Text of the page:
Why your people will want to stay with you

01 February 2017 -

“PeopleStaying" The latest in our series leading up to the Management Book of the Year Awards

By Management Book of the Year shortlisted authors Steve Frost and Danny Kalman

The cliché is that people don’t leave organisations, they leave bosses. In fact, the evidence is pretty close to this – it suggests that people leave organisations above all else because of culture.

People are different, and require tailored inclusion strategies that avoid both one size fits all (that tends to favour the dominant group) as well as tailored approaches based only on stereotype.

Here are five actions you can undertake to retain minority groups:

1. Proportionality

Proportionality is the simple concept that promotion should be in proportion to the talent available. If 30% of ‘Grade B’ population is female, then we would expect 30% of promotions to the ‘Grade A’ above to be women.

In this way, the Grade A 20% female population would increase over time towards the 30% incidence at the grade below.

The concept’s simplicity allows it to be scalable across the entire organisation. It’s a nudge that doesn’t require much training. Its power lies in challenging previously held assumptions about the fairness of our promotion systems.

2. Proactive promotions

How we frame promotions is vital. Not everyone presents in the same way, or needs the same pull factors, but just because some need more persuasion than others does not mean they are less talented.

Make extra effort to find the brilliant talent that doesn’t self-promote – and then promote those people. Demonstrate through actions rather than simply words what you value.

Not only does this promote great talent – it also signals to self-promoters the behaviours that are truly valued by the organisation.

3. Mixed panels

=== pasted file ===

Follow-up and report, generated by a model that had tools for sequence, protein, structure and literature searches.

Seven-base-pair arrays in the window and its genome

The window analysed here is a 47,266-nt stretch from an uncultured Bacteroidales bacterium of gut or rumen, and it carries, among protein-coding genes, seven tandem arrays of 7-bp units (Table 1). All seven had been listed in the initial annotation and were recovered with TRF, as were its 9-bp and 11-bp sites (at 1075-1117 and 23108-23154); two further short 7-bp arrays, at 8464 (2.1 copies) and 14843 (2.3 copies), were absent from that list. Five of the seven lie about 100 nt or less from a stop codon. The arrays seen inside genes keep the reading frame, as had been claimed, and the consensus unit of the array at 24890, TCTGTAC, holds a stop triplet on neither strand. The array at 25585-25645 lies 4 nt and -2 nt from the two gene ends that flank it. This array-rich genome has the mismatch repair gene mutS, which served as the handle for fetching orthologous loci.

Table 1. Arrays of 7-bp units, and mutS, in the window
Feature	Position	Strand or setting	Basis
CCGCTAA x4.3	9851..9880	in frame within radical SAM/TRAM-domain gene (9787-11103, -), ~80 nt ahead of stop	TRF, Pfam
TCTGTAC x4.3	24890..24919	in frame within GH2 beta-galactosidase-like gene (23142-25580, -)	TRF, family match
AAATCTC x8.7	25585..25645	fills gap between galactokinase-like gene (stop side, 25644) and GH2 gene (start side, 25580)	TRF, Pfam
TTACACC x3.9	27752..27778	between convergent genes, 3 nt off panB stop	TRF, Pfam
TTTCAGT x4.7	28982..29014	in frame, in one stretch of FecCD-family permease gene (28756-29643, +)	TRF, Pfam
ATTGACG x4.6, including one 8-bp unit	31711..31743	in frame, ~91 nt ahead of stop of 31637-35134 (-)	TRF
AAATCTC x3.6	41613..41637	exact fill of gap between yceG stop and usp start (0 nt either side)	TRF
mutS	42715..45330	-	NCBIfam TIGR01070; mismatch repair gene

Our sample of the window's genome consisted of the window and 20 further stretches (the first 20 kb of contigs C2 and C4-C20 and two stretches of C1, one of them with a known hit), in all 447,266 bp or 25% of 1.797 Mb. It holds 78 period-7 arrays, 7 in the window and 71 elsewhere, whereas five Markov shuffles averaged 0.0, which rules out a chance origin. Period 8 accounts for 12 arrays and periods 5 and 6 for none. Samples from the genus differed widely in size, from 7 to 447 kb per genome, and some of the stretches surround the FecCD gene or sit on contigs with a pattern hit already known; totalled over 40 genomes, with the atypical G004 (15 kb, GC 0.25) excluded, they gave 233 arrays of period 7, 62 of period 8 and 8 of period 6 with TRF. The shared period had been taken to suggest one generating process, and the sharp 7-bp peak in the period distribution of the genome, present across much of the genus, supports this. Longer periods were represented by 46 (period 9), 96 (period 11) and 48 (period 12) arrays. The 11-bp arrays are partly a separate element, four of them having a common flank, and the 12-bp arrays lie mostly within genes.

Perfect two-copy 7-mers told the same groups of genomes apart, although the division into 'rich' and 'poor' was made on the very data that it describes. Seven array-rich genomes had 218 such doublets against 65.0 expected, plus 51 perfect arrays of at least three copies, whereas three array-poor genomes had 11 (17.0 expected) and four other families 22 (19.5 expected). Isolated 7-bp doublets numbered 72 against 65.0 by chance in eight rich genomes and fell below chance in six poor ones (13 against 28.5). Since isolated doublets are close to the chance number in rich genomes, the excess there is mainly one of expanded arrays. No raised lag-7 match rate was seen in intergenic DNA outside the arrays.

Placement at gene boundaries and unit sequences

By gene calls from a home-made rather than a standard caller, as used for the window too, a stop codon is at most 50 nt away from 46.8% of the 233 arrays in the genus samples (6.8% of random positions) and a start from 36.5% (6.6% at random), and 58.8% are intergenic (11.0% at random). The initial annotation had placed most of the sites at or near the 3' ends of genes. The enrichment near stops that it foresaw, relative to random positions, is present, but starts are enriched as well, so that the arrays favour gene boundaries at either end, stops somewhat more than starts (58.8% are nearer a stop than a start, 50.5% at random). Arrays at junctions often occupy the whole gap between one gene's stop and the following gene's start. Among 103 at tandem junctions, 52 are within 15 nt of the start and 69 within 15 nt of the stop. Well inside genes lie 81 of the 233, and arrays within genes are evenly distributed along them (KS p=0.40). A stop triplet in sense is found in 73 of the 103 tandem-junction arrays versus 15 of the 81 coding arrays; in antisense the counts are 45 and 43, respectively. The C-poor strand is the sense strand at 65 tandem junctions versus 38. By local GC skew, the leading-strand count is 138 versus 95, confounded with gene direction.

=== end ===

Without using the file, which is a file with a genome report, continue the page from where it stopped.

Promotion panels should be mixed at least in terms of gender and department. The people on the panel should also demand mixed slates to interview, seeking out the quiet talent. Nudges such as independently ranking candidates blind (to avoid name association bias) and then coming to a group afterwards (to avoid groupthink) can be helpful.

The challenge is how to vary the selection method to better suit the individual while also having consistency and fairness to all candidates.

4. Developing introverts

Those people who are more open, talkative and comfortable with self-promotion tend to excel in more traditional training settings, get noticed more readily and are often highlighted as high potentials.

Introverts, on the other hand, internalise their thoughts and by the time they have had time to think others have often spoken up.

People responsible for running development programmes need to understand such traits so as to leverage the potential of all participants. Once people feel more confident to express themselves their energy and passion can often be seen.

5. Employee Resource Groups

These are associations of people with common interests, often diversity-based. For example, women’s networks, LGBT associations, and Black caucuses.

Often these networks go beyond immediate need and become proactive networks to win new business, advance careers through mentoring and sponsorship programmes and decrease attrition of particular groups.

The above five strategies can help retain minorities by changing the system, rather than making them ‘build profile’ when it might be inauthentic for them to do so.

Instead of ‘treating everyone the same’, signal to all of your people that you value them through the system changes you enact and the actions you undertake.

InclusiveTalentManagement

Danny Kalman and Stephen Frost are the authors of Inclusive Talent Management, which is shortlisted in the Practical Manager category of the 2017 Management Book of the Year awards

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